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Patient Education Surgical Spine Video: Shriners Hospitals for Children — Greenville

Patient Education Surgical Spine Video: Shriners Children's Greenville

Understanding what to expect prior to undergoing spinal surgery — including an operation to address scoliosis, kyphosis or other diagnosis — is important in lessening pre-surgical fears and increasing post-surgical compliance. In this video, created to educate and inform patients and their families, we follow patient Sydney - from the time she enters the hospital until discharge; we also receive an inspiring look into life after surgery!
View Transcript

Sydney: Hi, I'm Sydney and welcome to Shriners Hospitals for Children, Greenville. You and I will soon have something in common. We both will have had a spinal fusion surgery right here at Greenville Shriner's Hospital. And we both will have gone on to live happy and active lives. But for now, I'm here with another Sydney and she's been through a spinal fusion too, along with our Chief of Staff, Dr. Wattenbarger and our Director of Surgical Services, Mary Peterson. We are here to help you learn what to expect during your upcoming surgical experience.

Dr. Michael Wat...: If you're feeling a little nervous, don't worry, that's normal. We hope this video puts you at ease and answers you and your parents questions. You'll hear from my fellow spine surgeons later in this video. We want you to know that together, we have performed thousands of spine surgeries just like yours.

Mary Peterson: Now we will walk you through the surgical process from start to finish. At the end of the video, we will provide a recap so you know what to expect each day. Let's get started

Sydney: On the morning of your surgery, you will come to the first floor and check in here at the reception desk. It's important that any family or friends over the age of 16 accompany you know that they will need to show a photo ID in order to enter the hospital with you.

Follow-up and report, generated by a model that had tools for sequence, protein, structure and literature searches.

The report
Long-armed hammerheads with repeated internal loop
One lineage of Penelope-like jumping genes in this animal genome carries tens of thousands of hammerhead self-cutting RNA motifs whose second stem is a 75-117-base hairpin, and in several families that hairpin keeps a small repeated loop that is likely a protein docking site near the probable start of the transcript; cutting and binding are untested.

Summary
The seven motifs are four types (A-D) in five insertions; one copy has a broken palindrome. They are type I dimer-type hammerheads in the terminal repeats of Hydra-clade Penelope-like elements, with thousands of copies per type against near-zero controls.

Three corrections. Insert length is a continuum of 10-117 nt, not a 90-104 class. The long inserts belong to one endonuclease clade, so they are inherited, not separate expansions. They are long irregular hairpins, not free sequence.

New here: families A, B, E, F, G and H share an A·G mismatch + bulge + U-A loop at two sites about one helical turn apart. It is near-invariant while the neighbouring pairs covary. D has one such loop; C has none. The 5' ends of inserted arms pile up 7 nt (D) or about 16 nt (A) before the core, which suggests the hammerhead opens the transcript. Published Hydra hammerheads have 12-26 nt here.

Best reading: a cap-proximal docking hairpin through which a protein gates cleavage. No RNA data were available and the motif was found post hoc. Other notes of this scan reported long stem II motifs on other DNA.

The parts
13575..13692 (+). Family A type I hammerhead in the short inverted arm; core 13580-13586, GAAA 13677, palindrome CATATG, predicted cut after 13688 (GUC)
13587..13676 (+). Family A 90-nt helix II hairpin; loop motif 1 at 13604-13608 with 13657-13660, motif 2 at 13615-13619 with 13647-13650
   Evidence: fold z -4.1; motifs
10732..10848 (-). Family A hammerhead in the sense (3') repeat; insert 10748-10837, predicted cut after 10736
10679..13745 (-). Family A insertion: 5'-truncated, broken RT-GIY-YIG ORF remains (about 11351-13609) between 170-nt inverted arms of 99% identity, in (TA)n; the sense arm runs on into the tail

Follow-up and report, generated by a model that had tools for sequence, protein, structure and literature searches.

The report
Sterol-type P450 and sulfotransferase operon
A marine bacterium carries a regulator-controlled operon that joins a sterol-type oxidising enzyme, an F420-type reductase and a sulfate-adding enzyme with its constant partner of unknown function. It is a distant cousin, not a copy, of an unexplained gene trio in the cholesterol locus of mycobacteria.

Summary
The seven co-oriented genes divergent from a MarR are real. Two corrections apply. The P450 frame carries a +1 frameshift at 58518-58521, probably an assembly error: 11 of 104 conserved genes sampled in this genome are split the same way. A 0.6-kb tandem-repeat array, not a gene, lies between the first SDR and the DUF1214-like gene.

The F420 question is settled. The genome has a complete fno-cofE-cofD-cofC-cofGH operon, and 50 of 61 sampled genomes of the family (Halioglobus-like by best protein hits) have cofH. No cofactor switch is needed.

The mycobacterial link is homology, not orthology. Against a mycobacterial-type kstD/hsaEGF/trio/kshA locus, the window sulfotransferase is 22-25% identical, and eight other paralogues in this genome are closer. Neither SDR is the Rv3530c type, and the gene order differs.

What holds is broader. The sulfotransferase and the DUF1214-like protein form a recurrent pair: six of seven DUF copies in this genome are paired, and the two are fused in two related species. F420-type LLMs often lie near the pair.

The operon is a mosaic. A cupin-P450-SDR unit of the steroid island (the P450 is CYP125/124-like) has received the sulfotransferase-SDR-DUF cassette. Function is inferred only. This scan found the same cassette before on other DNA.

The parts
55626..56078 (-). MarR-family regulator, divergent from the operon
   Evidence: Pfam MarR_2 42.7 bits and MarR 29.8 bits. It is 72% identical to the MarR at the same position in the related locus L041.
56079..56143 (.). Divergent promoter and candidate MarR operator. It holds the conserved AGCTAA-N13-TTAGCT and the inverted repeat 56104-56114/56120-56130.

Once everyone has received his or her stickered badge, you will be escorted to the pre-op area. The pre-op area is where you'll go prior to your surgery. There, you will also meet your surgical team. Your nurse will have you take off your jewelry and take out any piercings. Remove glasses or contacts as well as your socks. You'll also need to be certain you're not wearing any nail polish.

Mary Peterson: In surgery, we use a special device to measure the oxygen through your fingernail. So, this is why we don't want you to wear fingernail polish. Also, on the day of your surgery, your eyelids will be closed while you're asleep. So, we don't want you to wear contacts either.

Sydney: The nurse will now take your blood pressure. The cuff wraps around your arm and fills with air. So, it feels quite tight. Now, it's time to change into a hospital gown. For girls who are 10 and older, this is also when you'll be asked to provide a urine sample.

Dr. Michael Men...: When you are settled in the preoperative area, your surgeon will come by to see you. If there are any other questions, you can ask them now. We also check your back and make sure that nothing's changed with your health since your last visit. And we'll also sign your back. Signing your back is one step in a continuous effort to have a safe procedure.

Sydney: Before your surgery, you'll also meet someone from the anesthesia team who will be in charge of helping go to sleep. You'll have an IV put in your arm, either in this room while you're awake or later in the operating room after you're asleep. You may feel a tiny pinch just for a second but your parent or other loved one will be there with you. The IV stays in your arm during surgery to give you fluids or medications.

I wasn't really nervous but I understand if some kids are. But just remember, they're doing their job. So, you'll be okay.

Now you're ready to go to the operating room. At this point, your parents or loved ones will head to the surgical waiting area on the second floor, near the kids end. We'll keep your parents or loved ones updated on your surgeries progress, including when you're done and that you're headed to the recovery room.

This is the operating room where you'll have your surgery. It's very bright so the surgery team can see well. There will even be a special spine operating table designed for your kind of surgery. It's also kind of chilly but don't worry, we'll cover you with a nice warm blanket.

There were a lot of people in the room and I was pretty surprised but it made me more comfortable knowing that they each had their own specific jobs to take care of.

You'll get a pulse ox on your finger which tells us how much oxygen is in your blood. It just feels like someone is holding your finger. You'll get several little stickers on your chest. These monitor your heart during surgery. They feel cool and very sticky. Then your anesthesia team will give you the medicine you need to sleep.

Mary Peterson: The sleep that you experienced during surgery is different then your normal night time sleep. You won't feel anything. You can't hear anything and you can't wake up just at any time. Your anesthesia team will wake you up when your surgery is over.

Sydney: You'll wake up in the recovery room. You won't remember your surgery and it may feel like it was just a minute ago that you took your sleep medicine.